How much are premium bonds? What is the minimum you can invest in premium bonds?
At the moment the minimum you can invest in premium bonds is £100. If you are an existing premium bonds holder then the minimum you can invest is £50. Soon the minimum will be changing down to just £25, and it will be possible to give premium bonds to more people as a gift. £100 is not bad really. I know some people with £100 who have NEVER won. Then again I know people with £100 who have had a handful of £25 prizes, which is really unlikely to happen. I believe you can also set up a standing order, possibly for a smaller amount, but I’m talking about outright purchasing premium bonds just by logging into the website or giving them a call.
Are premium bonds 100% safe?
Yes! There is no risk to your capital with NS&I premium bonds. As you’re not earning guaranteed interest you are technically gambling with any interest you could earn elsewhere. My results so far show that I would have been better off, financially, to invest my money elsewhere. However, I wanted to keep my money safe while having the excitement of winning a monthly prize.
What are the odds of winning premium bonds?
Currently, the odds are 24500:1. For each £1 you have invested in premium bonds you have a 24,500 to 1 chance of winning any single prize.
When are premium bonds drawn?
The draw happens a few days before the end of the previous month when it is announced. On the 1st working day of the month the details of the 2 x £1,000,000 premium bond prize winners is announced. Agent Million will have already visited the lucky winners in person, at home, to let them know about their large win. You can also see the winners of the larger prizes (£5,000 upwards) on this day. Then on the 2nd working day of the month the rest of the winners are announced.
What are the maximum premium bonds you can hold?
The maximum premium bonds are currently £50,000 per person. So you and your partner can hold £50,000 each. Then any children can hold bonds too.
Wondering how I got £50,000 to buy premium bonds?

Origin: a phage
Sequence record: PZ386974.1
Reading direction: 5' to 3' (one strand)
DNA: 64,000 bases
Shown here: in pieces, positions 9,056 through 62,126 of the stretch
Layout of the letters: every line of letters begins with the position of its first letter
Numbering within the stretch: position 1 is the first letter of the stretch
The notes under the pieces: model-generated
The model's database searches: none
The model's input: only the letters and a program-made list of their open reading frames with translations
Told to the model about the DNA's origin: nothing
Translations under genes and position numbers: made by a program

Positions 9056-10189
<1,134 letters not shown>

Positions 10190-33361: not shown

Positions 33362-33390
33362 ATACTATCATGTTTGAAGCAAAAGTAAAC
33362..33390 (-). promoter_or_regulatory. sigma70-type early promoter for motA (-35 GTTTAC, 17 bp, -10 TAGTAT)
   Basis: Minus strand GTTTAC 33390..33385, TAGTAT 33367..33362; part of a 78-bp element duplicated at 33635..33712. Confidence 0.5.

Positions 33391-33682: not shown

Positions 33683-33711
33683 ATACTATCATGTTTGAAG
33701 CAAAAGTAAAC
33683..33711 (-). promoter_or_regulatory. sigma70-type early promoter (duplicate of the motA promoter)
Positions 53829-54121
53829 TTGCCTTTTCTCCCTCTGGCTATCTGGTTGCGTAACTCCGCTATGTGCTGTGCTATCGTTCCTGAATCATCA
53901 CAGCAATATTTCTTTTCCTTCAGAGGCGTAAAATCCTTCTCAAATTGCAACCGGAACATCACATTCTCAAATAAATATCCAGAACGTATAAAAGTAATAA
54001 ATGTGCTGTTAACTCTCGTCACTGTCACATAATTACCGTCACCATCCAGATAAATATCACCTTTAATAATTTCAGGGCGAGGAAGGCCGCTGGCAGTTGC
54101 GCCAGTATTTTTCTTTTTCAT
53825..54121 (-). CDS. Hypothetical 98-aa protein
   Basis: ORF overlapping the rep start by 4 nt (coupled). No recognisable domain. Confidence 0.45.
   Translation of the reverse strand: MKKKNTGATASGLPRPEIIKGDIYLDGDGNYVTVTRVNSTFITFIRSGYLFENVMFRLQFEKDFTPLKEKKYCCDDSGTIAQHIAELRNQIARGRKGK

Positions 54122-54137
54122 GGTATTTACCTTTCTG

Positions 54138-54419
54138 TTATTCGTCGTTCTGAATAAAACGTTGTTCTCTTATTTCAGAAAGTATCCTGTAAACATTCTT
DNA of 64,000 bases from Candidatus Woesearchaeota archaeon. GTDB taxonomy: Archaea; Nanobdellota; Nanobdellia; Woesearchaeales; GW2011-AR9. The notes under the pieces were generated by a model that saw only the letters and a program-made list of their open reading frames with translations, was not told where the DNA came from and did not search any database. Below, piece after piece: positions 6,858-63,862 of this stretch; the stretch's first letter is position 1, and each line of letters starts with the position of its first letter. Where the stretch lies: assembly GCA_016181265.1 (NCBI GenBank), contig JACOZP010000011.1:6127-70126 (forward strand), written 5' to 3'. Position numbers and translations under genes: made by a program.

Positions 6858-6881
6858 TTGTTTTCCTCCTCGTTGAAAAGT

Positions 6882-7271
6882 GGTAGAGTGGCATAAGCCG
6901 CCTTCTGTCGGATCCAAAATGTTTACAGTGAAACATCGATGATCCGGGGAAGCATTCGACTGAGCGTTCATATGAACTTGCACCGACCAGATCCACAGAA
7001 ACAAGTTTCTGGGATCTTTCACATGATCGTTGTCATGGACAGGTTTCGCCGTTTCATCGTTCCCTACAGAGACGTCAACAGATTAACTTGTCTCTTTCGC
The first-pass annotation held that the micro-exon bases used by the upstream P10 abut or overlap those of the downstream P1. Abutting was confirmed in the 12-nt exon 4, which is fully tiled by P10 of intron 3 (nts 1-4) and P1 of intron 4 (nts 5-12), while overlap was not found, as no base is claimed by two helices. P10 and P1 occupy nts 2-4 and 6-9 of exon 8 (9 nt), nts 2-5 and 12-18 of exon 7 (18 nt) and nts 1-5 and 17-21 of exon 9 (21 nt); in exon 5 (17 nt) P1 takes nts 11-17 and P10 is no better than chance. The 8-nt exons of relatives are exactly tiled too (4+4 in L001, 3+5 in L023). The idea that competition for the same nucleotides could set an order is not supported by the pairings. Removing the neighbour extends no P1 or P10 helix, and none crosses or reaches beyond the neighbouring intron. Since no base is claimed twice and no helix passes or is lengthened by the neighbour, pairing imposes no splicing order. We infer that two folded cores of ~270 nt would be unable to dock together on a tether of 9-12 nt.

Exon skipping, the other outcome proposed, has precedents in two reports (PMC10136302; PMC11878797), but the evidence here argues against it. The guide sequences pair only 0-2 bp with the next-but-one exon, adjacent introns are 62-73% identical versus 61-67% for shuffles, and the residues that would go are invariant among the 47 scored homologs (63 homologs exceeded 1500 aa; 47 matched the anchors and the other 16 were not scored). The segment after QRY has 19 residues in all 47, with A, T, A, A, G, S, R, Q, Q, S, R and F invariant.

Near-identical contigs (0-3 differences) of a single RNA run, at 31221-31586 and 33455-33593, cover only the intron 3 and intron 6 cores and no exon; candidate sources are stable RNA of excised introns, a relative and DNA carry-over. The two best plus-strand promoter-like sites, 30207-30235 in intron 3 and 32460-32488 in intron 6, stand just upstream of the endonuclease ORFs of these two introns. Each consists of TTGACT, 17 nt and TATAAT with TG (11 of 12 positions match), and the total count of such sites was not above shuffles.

In the last few years, I have won a huge amount of money matched betting. This is some of it. That’s right, some of it. We also had nice holidays, had lovely days out and treated ourselves to a few new things. We’ve been able to buy a car, not worry about job security and generally just feel much happier in our lives knowing that we have this money sitting in premium bonds. We’ve even started investing for our daughter now, in the hope that one day she’ll have a huge win with her premium bonds!
I’ve also made money from all my usual favourite ways to make money online. I’m careful with our money these days. We do enjoy some nice treats but we also work on being frugal and saving hard. Since I started this post we’ve been saving all of these winnings and other money too. All to complete our goal to be mortgage free before 40. Looks like it is going to be achievable now!
Are premium bonds a good investment?
The main downside to premium bonds, besides the fact it is ultimately a lottery, is seeing all of the unclaimed prizes. I wish they would do something else to ensure that everyone receives their prizes. Also, the odds of winning are obviously lowered the less you hold. I think the sweet spot is around £20,000 from what I’ve read online. However, the number of prizes is huge. I’ve been disappointed in the last few months to have several £0 months, and not more than £25 won in any single draw.
It really depends on your own opinion on risk. If you’re someone who doesn’t like risk then premium bonds are a fun way to have a chance to win money. However, you’d likely be better to put your bonds into an ISA, unless you have above average luck. I’m not a financial advisor and I am not qualified to give financial advice.
Are premium bonds covered by the FSCS?
The NS&I is owned by the Government so savings come with 100% security (although they are not covered by the FSCS).